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I have inherited an app that allows users to buy a gift card, and then see the gift card details after they have bought it. There are 4 main API calls - one to buy the gift card, one to get gift card details, one to attach a message to the gift card, one to get an images associated with the gift card.

Currently, the UI checks if there is a token in local storage and, if not, makes a call to /login. This is a anonymous login endpoint that returns a Json Web Token called an accessToken and a userId, which is a GUID. The token has this GUID baked into it, and expires in 60 days.

The structure of the API calls are:

/buy/{userId}/giftcard

/view/{userId}/giftcard/{giftcardKey}

etc

The 2nd call is protected with 2FA via SMS. Someone trying to steal the gift card details would need to giftcardKey and access to the phone associated with the gift card.

The accessToken is sent in the Header. The call is deemed to pass authentication if the userId in the URL is matched to the userId baked into the accessToken.

I have a few questions:

What are the advantages and flaws of this approach? Are JWT really necessary when users' don't actually have accounts? For example, I don't see what the point is to have this type of security for the buy gift card call.

A current problem is if a user comes back after 61 days, the API calls fails as the accessToken has expired - and they need to clear local storage for it to work. This is obviously unacceptable. What is a better approach?

EDIT: I just today discovered that the UI uses cache expiry TTL... when page refreshed, the UI get's data from localStorage and if it's 24h old, that means "cache miss" and "no data exists" and UI does /login again. So the above 61 day scenario wont happen....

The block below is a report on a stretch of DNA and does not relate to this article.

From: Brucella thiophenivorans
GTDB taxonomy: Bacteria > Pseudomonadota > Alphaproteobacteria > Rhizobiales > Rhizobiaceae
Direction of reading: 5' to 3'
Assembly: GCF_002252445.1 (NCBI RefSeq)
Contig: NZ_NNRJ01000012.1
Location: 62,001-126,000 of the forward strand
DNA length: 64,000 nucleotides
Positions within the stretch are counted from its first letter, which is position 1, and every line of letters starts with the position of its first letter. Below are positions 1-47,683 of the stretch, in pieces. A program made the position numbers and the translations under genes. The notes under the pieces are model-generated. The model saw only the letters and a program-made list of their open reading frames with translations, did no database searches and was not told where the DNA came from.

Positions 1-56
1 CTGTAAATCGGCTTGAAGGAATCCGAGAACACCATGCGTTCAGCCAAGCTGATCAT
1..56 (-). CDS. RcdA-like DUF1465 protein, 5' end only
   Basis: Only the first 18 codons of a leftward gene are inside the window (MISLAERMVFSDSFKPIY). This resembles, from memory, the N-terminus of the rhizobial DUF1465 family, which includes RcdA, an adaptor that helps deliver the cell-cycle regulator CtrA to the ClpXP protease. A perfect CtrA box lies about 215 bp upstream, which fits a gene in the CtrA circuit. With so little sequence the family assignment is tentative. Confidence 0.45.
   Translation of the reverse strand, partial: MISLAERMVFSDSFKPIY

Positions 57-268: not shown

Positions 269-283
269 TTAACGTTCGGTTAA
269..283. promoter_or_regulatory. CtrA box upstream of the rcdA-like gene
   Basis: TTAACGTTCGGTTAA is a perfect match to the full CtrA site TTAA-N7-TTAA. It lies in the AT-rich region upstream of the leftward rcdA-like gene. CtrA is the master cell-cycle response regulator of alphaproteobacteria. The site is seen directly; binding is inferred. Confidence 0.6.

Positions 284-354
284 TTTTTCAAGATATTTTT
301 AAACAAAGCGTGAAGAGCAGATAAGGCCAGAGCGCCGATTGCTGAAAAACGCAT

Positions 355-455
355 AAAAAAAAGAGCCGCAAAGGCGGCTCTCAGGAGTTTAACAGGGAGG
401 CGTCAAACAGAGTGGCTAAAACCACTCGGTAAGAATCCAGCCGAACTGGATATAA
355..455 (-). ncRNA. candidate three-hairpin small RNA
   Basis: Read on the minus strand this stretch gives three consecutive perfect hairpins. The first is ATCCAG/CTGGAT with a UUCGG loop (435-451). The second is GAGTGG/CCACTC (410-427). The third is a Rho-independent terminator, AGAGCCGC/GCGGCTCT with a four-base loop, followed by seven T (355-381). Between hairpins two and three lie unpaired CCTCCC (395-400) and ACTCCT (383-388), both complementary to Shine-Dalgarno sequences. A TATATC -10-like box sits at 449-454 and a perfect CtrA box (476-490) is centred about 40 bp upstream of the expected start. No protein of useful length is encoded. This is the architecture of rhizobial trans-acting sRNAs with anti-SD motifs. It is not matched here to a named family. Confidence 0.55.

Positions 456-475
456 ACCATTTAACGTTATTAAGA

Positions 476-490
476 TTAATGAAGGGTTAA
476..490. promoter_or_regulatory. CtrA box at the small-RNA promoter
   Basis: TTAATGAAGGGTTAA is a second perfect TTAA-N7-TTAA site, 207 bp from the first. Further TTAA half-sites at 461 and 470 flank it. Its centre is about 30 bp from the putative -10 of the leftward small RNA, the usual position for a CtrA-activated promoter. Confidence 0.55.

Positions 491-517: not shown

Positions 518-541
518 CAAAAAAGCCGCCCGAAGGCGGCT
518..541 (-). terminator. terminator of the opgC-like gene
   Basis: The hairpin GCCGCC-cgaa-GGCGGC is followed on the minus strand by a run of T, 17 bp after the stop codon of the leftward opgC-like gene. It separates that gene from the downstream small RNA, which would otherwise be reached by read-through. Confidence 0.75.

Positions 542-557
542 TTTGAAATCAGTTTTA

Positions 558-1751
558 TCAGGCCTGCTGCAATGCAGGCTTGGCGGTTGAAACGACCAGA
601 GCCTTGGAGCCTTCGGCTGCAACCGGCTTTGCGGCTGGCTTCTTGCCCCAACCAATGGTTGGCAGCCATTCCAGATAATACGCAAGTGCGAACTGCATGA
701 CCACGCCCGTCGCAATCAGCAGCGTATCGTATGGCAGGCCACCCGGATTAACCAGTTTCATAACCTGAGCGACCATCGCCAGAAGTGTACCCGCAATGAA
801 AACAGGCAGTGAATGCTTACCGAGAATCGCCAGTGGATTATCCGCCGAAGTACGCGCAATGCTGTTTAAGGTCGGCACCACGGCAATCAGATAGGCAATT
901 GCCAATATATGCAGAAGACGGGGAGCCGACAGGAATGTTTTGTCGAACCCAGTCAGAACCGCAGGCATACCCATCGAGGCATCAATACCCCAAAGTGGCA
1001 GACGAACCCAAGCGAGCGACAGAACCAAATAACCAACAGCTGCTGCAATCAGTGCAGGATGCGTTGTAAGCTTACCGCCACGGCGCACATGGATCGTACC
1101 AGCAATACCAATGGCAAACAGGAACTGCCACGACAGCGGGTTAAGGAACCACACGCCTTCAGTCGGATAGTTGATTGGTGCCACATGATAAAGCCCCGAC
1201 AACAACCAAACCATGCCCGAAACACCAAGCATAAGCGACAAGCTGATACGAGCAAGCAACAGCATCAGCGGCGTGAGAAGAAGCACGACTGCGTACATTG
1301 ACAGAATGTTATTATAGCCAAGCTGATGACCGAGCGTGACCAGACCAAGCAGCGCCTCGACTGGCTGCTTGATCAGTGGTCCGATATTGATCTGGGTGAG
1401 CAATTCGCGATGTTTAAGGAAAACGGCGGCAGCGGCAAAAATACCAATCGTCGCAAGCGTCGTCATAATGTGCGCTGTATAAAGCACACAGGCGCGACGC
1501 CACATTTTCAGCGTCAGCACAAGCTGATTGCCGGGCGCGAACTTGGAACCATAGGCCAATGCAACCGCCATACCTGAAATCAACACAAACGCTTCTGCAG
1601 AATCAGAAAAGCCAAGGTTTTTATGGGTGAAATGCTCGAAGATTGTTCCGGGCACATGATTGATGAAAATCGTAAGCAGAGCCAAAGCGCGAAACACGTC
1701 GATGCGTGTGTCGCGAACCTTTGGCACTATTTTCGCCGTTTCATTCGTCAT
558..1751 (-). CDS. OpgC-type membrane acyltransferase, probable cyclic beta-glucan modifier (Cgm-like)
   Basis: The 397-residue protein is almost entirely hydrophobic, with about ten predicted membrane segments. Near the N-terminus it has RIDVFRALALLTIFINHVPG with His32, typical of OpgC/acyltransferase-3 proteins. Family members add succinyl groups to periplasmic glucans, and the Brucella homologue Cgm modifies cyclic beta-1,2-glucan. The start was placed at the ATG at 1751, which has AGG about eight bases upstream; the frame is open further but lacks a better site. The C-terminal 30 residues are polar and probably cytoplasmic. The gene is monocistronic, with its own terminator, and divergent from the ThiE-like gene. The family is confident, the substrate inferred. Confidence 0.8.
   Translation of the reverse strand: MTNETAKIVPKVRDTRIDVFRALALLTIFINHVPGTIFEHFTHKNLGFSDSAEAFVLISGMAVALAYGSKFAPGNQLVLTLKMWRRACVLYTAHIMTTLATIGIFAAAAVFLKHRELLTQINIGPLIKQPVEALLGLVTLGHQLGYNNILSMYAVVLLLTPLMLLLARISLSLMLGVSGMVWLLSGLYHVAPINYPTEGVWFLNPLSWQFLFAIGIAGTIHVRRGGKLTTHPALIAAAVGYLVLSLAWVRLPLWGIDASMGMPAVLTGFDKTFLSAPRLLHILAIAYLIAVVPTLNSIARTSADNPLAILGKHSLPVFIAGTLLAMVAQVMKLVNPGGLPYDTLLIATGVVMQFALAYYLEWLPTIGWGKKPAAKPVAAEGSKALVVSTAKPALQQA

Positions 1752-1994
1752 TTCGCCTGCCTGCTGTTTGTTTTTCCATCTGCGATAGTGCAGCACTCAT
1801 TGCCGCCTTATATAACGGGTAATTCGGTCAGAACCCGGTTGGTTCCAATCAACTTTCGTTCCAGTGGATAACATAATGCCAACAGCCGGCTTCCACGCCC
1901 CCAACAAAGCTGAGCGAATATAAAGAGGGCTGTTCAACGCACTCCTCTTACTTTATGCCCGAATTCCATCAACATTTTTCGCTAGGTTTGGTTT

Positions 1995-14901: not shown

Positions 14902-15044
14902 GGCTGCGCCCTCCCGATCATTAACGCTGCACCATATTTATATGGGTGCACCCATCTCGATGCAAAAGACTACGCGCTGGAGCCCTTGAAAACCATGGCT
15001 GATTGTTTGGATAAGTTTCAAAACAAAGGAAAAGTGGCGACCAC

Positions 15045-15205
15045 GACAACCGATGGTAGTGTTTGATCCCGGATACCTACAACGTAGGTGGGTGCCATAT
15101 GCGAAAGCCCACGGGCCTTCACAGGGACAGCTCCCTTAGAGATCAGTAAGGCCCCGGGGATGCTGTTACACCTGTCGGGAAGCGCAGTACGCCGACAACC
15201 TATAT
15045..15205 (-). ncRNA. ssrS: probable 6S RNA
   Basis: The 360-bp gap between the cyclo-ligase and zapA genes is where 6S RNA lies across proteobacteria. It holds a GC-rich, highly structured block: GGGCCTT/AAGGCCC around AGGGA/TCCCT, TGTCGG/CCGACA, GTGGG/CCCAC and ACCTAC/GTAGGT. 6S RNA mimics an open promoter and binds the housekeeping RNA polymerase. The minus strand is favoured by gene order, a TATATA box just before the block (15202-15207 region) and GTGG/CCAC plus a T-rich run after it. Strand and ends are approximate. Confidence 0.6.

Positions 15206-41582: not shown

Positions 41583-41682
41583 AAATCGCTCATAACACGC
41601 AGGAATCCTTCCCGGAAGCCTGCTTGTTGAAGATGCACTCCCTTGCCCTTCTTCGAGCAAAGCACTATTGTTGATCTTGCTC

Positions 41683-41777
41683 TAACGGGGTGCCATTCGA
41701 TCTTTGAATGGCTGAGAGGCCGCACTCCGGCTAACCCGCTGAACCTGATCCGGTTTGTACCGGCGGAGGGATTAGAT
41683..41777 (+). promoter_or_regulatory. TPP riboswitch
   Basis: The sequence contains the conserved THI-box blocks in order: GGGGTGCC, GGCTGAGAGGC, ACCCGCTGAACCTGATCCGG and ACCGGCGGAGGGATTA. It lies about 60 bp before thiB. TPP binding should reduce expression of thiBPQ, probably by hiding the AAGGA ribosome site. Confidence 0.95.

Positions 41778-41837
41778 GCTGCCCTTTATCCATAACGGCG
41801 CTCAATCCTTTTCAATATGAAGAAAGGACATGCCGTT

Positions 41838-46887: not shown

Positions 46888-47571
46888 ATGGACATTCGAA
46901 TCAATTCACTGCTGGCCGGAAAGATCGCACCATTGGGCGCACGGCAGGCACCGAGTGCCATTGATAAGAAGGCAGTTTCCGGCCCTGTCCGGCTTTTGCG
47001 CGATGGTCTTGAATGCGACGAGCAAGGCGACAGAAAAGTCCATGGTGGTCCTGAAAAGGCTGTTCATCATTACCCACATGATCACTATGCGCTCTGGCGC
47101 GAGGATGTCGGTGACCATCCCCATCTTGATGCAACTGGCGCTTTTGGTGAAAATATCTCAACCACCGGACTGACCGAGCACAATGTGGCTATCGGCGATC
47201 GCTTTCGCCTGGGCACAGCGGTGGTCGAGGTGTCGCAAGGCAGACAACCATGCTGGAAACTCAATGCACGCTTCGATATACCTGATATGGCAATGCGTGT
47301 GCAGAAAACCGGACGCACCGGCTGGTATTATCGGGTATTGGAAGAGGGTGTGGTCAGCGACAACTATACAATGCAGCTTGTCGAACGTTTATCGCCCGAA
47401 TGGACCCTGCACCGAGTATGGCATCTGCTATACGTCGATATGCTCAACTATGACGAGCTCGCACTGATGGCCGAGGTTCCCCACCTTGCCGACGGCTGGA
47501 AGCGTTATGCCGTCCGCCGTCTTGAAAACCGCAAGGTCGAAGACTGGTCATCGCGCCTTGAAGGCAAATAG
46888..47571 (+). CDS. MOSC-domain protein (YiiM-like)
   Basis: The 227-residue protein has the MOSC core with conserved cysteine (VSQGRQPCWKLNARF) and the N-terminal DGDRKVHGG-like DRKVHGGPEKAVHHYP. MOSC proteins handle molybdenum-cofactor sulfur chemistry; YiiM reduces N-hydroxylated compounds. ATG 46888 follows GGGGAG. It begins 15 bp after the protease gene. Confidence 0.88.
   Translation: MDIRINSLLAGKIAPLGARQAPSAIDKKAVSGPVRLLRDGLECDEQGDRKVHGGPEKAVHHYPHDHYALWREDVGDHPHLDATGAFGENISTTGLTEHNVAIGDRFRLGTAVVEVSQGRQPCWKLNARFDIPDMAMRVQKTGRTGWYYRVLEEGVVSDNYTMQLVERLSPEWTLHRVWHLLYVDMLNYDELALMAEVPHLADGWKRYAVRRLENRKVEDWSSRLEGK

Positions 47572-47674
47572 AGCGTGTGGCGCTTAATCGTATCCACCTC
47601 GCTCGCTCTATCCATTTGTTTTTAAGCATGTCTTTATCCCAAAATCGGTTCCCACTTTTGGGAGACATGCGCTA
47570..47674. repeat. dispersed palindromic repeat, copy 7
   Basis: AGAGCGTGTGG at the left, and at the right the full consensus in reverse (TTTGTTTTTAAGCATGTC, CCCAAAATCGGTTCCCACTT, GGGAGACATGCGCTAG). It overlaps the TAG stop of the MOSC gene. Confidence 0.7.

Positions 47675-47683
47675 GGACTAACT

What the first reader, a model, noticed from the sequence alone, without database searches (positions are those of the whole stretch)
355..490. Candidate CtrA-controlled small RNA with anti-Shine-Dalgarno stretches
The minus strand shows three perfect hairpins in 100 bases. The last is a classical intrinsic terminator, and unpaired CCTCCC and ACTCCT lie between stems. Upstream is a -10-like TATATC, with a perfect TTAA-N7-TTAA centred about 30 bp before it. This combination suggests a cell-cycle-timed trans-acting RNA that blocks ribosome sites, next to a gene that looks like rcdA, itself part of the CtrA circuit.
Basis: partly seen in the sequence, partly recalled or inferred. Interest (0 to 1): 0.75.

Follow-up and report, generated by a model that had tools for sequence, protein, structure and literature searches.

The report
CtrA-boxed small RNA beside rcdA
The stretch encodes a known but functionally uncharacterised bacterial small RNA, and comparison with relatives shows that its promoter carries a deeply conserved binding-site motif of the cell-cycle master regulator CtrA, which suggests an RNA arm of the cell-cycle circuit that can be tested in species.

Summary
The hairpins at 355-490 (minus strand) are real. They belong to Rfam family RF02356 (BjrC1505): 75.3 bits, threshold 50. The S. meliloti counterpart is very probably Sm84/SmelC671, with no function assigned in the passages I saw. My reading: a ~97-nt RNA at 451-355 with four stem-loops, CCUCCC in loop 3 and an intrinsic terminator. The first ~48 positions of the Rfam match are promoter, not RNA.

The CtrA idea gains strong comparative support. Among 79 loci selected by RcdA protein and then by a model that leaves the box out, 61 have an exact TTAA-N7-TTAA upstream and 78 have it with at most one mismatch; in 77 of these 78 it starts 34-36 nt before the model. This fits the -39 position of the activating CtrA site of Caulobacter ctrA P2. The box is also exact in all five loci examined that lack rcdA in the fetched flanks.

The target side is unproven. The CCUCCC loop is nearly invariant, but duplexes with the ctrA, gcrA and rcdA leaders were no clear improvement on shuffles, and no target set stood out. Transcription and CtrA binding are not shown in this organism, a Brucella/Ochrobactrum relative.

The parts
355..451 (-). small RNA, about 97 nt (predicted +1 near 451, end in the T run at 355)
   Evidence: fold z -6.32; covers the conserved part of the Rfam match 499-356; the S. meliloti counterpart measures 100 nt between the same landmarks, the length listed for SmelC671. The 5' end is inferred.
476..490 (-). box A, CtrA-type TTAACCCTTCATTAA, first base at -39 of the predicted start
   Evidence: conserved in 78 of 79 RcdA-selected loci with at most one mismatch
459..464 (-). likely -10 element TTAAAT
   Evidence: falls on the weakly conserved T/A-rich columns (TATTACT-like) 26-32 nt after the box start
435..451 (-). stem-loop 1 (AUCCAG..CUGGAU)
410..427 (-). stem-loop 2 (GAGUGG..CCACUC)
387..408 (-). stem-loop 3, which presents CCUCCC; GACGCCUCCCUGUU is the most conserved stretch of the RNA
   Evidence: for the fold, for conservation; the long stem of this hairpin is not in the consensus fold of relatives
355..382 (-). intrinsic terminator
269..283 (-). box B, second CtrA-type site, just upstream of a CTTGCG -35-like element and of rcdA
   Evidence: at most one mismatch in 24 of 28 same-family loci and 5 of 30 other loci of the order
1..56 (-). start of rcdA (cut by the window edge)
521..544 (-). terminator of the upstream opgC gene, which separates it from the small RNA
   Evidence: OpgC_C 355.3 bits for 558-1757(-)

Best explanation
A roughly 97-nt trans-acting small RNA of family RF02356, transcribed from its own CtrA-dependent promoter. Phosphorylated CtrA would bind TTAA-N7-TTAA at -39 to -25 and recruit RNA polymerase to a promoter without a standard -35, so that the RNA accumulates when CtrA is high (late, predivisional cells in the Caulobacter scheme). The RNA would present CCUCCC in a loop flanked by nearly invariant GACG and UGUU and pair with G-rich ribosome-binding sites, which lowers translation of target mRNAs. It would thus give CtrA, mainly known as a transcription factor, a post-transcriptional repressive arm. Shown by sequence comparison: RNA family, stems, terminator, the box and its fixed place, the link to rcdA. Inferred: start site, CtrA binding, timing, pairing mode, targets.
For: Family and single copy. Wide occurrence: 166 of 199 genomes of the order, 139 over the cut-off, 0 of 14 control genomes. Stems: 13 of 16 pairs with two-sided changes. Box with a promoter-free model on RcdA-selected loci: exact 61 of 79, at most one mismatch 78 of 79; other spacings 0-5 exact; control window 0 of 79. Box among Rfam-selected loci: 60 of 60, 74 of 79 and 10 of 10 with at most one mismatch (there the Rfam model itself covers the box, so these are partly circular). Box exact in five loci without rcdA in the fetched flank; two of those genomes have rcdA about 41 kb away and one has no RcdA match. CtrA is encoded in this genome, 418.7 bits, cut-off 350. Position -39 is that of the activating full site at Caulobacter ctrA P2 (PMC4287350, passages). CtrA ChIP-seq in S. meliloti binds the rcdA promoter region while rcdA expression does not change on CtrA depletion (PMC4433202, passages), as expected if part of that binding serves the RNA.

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What are the advantages and flaws of this approach? Are JWT really necessary when users' don't actually have accounts? For example, I don't see what the point is to have this type of security for the buy gift card call.

From what I can see, users do have accounts, although minimal. As in, there are users with IDs and gift cards are linked to them. What you described makes sense, /login authenticates and establishes a "session" of sorts.

Having this authentication before a buy allows you to bind the new gift card to the user who authenticated.

As for how this approach compares to others and what alternatives you have, take a look at the Web Authentication Guide.

A current problem is if a user comes back after 61 days, the API calls fails as the accessToken has expired - and they need to clear local storage for it to work. This is obviously unacceptable. What is a better approach?

This is the typical case of needing to keep alive an authenticated session. What you described is an implementation of this using JWT. This works but has its downfalls. More on session management here.

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